Susan J. McDunn served as Cook County Circuit Judge from 1993, when she was seated following a court challenge to the results of a contested primary election, until her retirement in 2012.
James T. Doyle was first named a Kane County Associate Judge in 1989; three years later, he was elected as a Circuit Judge. In 2000, Doyle helped launch the county’s drug court. But in February, 2005, the Judicial Inquiry Board alleged that Doyle had systematically violated the rights of criminal defendants in his drug court, among other acts of judicial misconduct. The charges were dismissed when Doyle resigned from the bench while the charges were pending. Doyle last registered to practice law in 2012 and is now retired, collecting $128,257.08 in his pension this year.
Oliver M. Spurlock was named a Cook County Associate Judge in 1988. He served until December, 2001, when the Illinois Courts Commission ordered him removed based on its finding that he engaged in inappropriate and sexually intimidating behavior while a judge. This year Spurlock will receive $76,986.12 from his judicial pension.
In 2012, Brim was charged with battery of a Cook County Deputy Sheriff over an incident at the Daley Center, an event that led to a Judicial Inquiry Board complaint that she was unfit to serve as a judge. The Illinois Courts Commission accepted the recommendation of the Judicial Inquiry Board and removed Brim in 2014, finding that her actions “brought the judicial office into disrepute and demeaned the integrity of the judiciary.”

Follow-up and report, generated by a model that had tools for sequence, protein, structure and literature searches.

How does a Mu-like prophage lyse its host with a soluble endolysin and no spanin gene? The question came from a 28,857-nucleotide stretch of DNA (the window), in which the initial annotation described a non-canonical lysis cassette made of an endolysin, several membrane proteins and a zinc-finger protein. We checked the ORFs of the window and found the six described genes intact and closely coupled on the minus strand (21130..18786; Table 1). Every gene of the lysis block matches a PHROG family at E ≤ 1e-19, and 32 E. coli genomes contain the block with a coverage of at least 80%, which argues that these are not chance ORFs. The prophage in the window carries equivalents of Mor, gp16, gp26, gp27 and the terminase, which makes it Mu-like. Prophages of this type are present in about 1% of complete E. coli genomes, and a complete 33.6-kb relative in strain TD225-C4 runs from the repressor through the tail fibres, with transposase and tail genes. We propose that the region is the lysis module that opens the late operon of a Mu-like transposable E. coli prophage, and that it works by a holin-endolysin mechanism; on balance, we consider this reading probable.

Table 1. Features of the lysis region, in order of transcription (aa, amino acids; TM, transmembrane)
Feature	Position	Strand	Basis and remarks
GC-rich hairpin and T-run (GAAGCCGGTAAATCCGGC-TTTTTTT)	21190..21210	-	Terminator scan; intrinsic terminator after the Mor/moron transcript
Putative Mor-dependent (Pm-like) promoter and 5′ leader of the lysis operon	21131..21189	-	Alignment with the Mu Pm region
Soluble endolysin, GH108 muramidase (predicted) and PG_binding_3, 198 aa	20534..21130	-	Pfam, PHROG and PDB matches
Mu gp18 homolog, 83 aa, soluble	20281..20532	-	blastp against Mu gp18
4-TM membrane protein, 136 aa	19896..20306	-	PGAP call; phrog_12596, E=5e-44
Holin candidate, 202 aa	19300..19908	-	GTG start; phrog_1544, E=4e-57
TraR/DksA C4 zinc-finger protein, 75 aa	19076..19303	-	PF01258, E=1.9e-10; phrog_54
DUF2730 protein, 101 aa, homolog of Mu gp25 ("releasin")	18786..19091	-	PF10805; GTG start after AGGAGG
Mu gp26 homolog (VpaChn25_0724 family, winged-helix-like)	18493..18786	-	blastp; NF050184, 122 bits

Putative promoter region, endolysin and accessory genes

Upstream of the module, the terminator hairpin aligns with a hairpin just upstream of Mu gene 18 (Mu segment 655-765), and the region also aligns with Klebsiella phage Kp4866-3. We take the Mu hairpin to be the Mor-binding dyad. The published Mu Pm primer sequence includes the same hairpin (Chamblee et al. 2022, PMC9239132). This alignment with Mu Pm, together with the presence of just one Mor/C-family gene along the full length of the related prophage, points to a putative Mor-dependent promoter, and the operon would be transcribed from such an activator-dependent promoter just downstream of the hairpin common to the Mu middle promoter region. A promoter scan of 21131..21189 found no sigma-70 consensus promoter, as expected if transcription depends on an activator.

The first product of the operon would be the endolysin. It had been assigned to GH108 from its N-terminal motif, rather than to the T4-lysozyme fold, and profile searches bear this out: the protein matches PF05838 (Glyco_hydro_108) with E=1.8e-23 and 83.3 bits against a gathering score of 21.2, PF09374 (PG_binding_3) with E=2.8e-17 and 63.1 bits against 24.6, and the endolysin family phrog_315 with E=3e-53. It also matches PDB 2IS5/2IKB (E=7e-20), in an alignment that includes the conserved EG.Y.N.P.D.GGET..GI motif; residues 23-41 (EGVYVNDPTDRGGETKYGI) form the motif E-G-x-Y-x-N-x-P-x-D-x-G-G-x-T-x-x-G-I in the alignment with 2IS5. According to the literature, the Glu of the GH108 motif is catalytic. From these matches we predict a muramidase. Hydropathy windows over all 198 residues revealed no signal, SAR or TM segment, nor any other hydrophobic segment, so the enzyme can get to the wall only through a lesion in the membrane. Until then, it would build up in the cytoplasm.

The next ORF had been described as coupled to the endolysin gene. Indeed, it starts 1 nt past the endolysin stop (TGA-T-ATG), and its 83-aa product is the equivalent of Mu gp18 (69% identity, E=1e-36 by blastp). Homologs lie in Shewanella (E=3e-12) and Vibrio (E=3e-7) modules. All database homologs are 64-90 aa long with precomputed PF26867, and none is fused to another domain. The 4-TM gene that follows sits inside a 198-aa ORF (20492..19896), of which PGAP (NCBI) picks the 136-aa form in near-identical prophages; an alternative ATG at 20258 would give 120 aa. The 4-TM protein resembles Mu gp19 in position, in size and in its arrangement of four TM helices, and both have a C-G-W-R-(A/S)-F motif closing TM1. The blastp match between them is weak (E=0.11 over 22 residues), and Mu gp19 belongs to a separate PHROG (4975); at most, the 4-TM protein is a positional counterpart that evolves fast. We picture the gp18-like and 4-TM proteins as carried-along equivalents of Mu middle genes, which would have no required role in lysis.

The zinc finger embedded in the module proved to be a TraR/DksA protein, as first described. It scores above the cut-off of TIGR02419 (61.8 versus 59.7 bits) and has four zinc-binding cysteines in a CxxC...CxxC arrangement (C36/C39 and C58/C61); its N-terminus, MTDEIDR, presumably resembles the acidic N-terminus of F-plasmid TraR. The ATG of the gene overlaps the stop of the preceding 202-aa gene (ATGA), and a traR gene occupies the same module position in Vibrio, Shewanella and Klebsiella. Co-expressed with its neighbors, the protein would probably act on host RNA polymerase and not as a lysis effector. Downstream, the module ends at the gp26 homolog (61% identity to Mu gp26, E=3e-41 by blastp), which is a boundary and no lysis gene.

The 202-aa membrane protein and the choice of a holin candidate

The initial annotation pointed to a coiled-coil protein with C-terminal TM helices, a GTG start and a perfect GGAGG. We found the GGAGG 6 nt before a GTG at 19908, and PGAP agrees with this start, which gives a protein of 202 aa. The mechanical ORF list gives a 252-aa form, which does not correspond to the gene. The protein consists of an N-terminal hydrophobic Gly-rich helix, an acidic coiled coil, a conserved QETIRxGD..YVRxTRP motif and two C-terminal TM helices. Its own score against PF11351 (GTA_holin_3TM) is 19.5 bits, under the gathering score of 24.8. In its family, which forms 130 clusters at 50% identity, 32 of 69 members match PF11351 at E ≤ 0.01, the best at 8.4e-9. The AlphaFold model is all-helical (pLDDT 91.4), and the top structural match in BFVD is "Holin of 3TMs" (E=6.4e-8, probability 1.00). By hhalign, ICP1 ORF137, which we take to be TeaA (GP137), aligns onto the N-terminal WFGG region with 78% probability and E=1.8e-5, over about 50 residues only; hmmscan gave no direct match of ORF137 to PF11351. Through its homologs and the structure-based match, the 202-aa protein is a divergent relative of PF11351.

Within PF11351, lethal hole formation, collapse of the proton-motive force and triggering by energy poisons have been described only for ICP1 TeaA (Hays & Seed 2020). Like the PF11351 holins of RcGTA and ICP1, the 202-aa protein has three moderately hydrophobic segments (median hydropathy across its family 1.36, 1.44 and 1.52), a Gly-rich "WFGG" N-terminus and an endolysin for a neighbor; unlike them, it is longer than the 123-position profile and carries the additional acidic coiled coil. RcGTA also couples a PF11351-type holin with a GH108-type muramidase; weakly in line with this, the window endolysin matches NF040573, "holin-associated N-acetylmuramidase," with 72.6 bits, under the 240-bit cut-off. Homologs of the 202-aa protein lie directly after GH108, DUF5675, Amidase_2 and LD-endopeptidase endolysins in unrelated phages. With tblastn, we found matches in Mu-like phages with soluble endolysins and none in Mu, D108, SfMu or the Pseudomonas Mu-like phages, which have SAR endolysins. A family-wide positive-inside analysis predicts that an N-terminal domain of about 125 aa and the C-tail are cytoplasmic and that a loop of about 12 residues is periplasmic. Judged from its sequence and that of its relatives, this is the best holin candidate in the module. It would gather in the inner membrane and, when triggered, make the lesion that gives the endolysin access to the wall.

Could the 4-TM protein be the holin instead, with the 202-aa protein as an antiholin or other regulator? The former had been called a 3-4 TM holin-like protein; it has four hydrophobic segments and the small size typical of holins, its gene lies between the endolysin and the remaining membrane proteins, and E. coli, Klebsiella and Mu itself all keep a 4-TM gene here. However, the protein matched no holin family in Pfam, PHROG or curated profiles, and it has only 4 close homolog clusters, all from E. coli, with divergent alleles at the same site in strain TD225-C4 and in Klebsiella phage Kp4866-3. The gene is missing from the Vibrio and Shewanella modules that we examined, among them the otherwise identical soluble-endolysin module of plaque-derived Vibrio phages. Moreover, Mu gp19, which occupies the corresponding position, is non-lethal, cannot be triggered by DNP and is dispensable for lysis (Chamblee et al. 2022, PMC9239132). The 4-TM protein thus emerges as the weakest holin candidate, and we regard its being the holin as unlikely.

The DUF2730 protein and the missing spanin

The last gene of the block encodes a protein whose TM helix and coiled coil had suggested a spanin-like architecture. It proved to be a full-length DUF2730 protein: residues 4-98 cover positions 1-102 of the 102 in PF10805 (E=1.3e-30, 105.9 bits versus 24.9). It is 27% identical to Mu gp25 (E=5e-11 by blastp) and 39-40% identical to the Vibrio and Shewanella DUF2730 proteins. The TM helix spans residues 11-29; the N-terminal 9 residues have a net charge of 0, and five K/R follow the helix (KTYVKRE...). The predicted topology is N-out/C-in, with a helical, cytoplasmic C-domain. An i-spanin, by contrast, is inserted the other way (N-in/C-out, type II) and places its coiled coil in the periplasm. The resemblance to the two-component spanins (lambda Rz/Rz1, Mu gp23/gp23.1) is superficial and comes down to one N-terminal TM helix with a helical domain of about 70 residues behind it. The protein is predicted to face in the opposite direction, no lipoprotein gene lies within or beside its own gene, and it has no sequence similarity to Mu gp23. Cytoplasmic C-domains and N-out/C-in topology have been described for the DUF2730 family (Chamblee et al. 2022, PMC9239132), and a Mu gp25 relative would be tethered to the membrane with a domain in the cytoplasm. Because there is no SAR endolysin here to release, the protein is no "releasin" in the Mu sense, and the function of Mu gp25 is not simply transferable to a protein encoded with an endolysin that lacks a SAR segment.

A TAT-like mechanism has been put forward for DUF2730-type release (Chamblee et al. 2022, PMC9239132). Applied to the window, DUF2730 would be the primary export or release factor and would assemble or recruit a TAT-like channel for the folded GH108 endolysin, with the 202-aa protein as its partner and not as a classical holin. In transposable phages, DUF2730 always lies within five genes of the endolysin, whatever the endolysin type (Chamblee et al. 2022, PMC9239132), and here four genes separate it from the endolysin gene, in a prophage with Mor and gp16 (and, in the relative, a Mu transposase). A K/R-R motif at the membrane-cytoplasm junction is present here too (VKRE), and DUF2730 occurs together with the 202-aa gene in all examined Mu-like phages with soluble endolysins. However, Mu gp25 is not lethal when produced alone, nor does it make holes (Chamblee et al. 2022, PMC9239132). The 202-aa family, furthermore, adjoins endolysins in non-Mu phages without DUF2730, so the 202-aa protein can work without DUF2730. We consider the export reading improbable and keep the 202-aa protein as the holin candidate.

JAMES M. RADCLIFFE was an associate judge on the St. Clair County Circuit Court for two decades prior to his retirement in 2007. The Illinois Courts Commission suspended Radcliffe for three months for conduct that the U.S. Court of Appeals of the Seventh Circuit had described as a “parody of legal procedure.” He receives an annual pension of nearly $150,000. What the judge did: On September 1, 1992, Judge Radcliffe required an agent of the Illinois Liquor Control Commission to testify about an ongoing investigation into the use of video poker machines owned by Thomas Venezia for illegal gambling at a local VFW Post. The agent, Bonds Robinson, was at the St.